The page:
Church of England apologizes to Charles Darwin

Well, the title says it all. I guess a late apology is better than none. It’s worth noting that the opposition to Darwin’s theory by the Church of England generated one of the famous public debates in history, the 1860 Oxford evolution debate. As the Wikipedia entry notes, the most famous line was:

The debate is best remembered today for a heated exchange in which Wilberforce supposedly asked Huxley whether it was through his grandfather or his grandmother that he claimed his descent from a monkey. Huxley is said to have replied that he would not be ashamed to have a monkey for his ancestor, but he would be ashamed to be connected with a man who used his great gifts to obscure the truth. The encounter is often known as the Huxley-Wilberforce debate or the Wilberforce-Huxley debate.

Anyway, regardless of how heartfelt this apology is, I doubt that it’s to change anyone’s mind on anything. The Church of England is already taking a lot of heat for its liberal stance on homosexuality and this apology won’t help it gain any more credibility with the Asian and African Anglican churches.

Recent Interesting Science Articles (Dec’07)

Probably the most talked about scientific issue that’s been making the rounds recently is the news is that not only has human evolution not stopped since the advent of modern technology, a previously popular view, but has in fact actually accelerated. As this article in ABC News notes, in a recent paper published in the Proceedings of the National Academy of Sciences in the United States, researchers discovered that by comparing the DNA of humans and chimpanzees since the two species diverged six million years ago there were not enough differences between the two sets of DNA to account for the currently observed rate of change. Therefore, they take this to mean that human evolution has substantially accelerated since the appearance of modern humans 40,000 to 50,000 years ago.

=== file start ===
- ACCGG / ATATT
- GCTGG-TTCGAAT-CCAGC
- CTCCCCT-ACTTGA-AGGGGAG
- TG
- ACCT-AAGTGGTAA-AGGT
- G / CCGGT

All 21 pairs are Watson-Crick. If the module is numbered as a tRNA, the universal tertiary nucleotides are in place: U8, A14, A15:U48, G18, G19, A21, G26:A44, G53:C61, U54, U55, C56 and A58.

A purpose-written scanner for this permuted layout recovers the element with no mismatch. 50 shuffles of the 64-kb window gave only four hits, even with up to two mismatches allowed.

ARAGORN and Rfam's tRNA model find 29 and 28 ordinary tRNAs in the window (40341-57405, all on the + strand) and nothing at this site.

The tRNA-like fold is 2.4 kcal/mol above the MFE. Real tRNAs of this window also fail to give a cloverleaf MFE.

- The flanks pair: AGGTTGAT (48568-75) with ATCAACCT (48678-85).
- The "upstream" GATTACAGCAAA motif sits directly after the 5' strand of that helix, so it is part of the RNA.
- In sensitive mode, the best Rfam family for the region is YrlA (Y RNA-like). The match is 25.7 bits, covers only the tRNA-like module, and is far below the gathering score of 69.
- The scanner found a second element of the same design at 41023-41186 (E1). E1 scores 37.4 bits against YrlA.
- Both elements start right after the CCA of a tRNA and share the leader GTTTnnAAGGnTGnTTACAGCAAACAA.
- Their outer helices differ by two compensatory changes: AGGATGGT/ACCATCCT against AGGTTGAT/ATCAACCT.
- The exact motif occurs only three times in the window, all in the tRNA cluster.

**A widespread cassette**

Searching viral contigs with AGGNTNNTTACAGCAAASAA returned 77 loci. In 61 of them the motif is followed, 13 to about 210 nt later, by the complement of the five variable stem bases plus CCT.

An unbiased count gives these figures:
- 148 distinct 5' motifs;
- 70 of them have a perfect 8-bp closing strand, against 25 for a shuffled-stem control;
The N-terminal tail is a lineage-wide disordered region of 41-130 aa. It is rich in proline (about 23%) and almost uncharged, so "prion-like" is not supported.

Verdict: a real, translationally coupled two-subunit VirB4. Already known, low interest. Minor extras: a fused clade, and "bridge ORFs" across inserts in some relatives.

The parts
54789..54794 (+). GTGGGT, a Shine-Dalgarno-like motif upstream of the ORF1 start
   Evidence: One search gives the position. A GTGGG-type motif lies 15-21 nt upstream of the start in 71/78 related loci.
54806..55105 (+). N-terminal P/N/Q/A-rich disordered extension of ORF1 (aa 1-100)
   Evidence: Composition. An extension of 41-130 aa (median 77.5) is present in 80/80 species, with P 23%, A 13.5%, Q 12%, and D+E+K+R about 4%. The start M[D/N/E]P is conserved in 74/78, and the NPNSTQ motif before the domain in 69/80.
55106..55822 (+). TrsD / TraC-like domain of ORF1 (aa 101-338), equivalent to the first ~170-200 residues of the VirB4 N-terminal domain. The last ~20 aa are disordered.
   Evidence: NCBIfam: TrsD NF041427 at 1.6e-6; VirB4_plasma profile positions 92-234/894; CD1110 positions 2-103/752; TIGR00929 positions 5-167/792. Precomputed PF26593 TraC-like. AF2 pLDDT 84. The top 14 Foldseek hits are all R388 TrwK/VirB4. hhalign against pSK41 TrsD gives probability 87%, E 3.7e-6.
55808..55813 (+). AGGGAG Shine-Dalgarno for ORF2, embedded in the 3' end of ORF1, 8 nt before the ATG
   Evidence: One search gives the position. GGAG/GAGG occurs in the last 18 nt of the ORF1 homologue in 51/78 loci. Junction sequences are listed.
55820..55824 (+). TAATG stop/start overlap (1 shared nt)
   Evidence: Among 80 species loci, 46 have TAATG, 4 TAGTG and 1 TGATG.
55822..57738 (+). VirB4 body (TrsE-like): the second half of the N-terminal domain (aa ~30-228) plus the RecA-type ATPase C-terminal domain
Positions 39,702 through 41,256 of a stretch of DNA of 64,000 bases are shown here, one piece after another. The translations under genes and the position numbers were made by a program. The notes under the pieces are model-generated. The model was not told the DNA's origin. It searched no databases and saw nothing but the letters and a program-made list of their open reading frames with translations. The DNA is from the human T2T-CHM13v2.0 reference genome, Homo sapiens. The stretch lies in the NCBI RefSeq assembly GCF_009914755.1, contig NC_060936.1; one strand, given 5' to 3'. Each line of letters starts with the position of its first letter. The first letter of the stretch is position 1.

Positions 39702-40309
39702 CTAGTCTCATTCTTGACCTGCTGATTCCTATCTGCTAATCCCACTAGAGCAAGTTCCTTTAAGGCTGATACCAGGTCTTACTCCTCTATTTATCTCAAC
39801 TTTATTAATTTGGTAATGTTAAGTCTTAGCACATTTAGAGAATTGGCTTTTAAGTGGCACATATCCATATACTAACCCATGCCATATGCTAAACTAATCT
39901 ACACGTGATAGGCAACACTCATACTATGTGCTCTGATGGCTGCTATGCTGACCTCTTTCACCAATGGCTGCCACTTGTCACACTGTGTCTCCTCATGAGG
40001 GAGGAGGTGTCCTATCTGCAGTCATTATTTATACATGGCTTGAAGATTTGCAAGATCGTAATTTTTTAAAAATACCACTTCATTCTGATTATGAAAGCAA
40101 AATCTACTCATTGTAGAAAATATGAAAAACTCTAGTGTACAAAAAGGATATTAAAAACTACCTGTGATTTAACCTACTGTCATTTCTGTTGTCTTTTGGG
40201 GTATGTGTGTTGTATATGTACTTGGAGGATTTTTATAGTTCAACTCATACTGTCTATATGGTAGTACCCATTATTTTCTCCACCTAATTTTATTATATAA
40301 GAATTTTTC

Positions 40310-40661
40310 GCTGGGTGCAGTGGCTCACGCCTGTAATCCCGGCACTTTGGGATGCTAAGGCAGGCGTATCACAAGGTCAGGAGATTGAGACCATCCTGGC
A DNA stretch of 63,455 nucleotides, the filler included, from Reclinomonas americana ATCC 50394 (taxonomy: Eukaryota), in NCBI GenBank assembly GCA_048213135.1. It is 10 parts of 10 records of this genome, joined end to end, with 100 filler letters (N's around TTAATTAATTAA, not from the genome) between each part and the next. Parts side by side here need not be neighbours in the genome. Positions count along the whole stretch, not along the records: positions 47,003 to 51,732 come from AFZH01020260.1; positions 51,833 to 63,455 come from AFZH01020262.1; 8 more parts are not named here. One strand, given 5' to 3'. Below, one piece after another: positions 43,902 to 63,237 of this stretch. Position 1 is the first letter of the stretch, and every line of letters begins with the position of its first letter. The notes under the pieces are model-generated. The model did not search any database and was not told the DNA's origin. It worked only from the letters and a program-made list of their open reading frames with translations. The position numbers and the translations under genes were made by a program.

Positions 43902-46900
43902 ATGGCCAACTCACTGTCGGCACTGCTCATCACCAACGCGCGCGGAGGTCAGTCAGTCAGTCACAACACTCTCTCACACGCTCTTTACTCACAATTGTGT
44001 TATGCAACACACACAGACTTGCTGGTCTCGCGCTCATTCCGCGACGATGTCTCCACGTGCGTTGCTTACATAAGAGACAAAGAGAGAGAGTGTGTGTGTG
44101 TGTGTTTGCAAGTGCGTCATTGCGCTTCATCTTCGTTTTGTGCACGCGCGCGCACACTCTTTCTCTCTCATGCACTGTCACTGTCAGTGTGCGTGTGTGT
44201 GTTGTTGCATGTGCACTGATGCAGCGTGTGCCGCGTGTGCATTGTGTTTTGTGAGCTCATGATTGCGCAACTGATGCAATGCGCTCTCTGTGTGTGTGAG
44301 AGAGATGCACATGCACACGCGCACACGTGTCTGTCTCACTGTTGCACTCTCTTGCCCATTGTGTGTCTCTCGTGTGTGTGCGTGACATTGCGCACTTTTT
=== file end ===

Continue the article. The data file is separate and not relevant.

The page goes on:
Moreover, they find that different populations of humans have been evolving in different ways. The lighter skin colour of Asians and Europeans compared to Africans is one example, as an adaptation to allow more absorption of vitamin D in areas with less sun. Another example is the disappearance of the lactase enzyme that allows digestion of fresh milk in China and most of Africa where dairy farming is less common than in Europe.

Continue reading Recent Interesting Science Articles (Dec’07)

Present at the Creation (Museum)

John Scalzi recently posted a highly entertaining account on his visit to the Creation Museum in Kentucky in the US, complete with 100 photos of the whole thing. Among some of the most ridiculous claims the museum makes is that dinosaurs lived contemporaneously with humans until as late as the Fifth Dynasty of ancient kingdom of Egypt. Even more amusingly, they claim that before Adam committed the original sin of eating the forbidden apple in the Garden of Eden, all animals were herbivores, even some fearsome dinosaurs as the mighty Tyrannosaurus Rex. They suggest that before Adam ate the apple, the T. Rexes used their gigantic fangs and claws to eat coconuts.

Personally, I recall going to Sunday school once at an early age and hearing the story of the Garden of Eden. Even then, my bullshit detectors went off because, well, having read stuff like Sir Arthur Conan Doyle’s The Lost World, I wondered where were the dinosaurs in the story? As Scalzi writes, you really have to admire the chutzpah of creationists who can insert dinosaurs into Paradise and still claim with a straight face that all the facts fit together just fine.

As ridiculous as this sounds, this is a pretty big deal in the United States. The Creation Museum cost US$27 million and is reportedly attracting crowds of a decent size, while approximately two thirds of Americans believe that creation science should be taught alongside evolution in schools. More worrying still, as The Economist noted earlier this year, the movement is becoming global, with Turkey in particular being a centre for Muslim creationism.

I’m particularly curious about attitudes in Malaysia. From anecdotal evidence, I believe that most Malaysians still harbour significant doubts about human evolution without actually committing themselves to so ludicrous a belief as the 6 day Young Earth Creationism taught by the museum. This is still a shame though because the consensus among scientists is that evolution is probably the most well established and well documented theory in all of science and answers to the most common questions are easily found on websites like the TalkOrigins Archive.